W.B. Yeats, widely regarded as the greatest English-language poet of the twentieth century, believed that the life of a lyric poet was an experiment in living that should be told. This new critical biography seeks to tell that story as it unfolded in the various contexts in which Yeats worked as an artist and as a public figure. It considers a career that began in the late Victorian world of 1880s and 1890s London, which involved a deep commitment to the life of an emergent Ireland in the twentieth century, disillusionment and the alienation from the modern world that made Yeats, who began as a symbolist poet, one of the major figures of the Modernist movement in the second decade of the century.
A central focus of this study is Yeats's perennial pursuit of sacral power which he saw as being vested in traditional institutions. It examines how at various stages of his life he sought to acquire such power for himself in such "institutions" as a magical order, a nation, a theatre, the community of the dead, and, climactically, an occult marriage. The concluding stages of the book assess Yeats's final years as a crisis of that faith in institutions, which had hitherto sustained him in all he attempted. At the last only the institution of the verse itself retained its efficacy in the end.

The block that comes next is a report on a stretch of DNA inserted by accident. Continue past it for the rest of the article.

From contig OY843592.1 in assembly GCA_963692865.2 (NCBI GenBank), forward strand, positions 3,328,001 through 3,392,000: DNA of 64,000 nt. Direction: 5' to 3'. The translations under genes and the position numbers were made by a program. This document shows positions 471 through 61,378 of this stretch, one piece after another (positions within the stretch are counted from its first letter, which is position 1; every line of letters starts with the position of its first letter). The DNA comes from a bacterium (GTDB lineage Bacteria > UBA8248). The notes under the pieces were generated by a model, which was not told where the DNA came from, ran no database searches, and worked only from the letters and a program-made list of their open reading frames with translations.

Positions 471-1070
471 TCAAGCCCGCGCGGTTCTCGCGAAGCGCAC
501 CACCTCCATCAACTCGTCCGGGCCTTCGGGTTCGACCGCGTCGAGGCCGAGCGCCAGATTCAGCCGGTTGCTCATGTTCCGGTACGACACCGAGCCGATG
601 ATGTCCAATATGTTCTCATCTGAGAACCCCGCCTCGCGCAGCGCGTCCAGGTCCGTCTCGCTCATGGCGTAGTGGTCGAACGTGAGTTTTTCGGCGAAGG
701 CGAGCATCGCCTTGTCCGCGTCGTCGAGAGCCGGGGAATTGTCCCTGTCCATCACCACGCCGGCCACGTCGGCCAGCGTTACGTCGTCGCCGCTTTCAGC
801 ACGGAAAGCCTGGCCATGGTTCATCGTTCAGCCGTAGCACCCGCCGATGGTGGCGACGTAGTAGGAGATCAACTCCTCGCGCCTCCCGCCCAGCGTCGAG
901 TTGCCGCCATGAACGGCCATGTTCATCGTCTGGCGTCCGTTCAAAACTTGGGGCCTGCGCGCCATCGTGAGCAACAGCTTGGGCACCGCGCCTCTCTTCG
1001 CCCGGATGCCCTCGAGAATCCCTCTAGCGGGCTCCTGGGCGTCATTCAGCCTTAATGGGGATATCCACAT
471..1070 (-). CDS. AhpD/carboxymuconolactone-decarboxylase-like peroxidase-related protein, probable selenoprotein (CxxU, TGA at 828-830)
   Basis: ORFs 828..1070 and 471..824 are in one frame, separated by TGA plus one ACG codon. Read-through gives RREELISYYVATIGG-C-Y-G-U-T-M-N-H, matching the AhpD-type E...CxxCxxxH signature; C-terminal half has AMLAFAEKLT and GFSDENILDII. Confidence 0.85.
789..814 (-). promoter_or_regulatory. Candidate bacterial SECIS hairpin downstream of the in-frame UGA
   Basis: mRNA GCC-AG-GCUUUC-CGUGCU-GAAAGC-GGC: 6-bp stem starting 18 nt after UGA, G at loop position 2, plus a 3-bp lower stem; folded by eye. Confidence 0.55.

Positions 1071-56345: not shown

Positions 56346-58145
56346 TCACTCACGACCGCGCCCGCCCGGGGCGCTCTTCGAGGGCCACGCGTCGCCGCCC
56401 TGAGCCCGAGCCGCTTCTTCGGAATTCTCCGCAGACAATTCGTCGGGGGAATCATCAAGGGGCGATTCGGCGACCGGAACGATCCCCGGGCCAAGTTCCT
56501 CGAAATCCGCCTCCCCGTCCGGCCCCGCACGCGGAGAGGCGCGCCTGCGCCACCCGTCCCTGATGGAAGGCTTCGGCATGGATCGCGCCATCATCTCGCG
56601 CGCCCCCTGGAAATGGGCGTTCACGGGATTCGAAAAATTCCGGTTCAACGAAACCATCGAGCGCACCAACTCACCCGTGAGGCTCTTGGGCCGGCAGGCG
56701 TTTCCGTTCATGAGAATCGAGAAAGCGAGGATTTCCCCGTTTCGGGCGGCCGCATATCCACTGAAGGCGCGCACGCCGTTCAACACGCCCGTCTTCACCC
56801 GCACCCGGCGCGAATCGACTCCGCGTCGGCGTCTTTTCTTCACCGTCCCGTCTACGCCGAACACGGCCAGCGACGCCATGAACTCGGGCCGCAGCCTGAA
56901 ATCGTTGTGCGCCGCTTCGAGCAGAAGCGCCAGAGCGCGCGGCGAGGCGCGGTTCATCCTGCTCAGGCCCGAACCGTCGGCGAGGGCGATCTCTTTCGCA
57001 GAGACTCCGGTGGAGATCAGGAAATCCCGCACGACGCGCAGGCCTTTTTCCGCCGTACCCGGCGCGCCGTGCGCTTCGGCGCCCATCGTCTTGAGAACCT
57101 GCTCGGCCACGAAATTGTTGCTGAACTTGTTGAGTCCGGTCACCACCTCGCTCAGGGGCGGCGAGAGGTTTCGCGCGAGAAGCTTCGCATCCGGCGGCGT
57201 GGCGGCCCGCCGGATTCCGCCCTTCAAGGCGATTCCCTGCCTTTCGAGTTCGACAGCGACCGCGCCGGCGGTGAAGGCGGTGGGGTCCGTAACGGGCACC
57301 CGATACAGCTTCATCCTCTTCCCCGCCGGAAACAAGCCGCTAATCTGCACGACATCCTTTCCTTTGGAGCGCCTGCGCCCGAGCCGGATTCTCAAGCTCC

This study allows us to gain a much deeper appreciation of the poet's engagement with occult knowledge and power and with spiritualist illumination. It explores this problematic aspect of the poet's career as bearing on key elements in the experience of modernity: the roles of science and religion, the emancipation of women and the artistic representation of the body.
In this book all Yeats's major works as poet and dramatist are considered in the contexts in which they came to be written and published.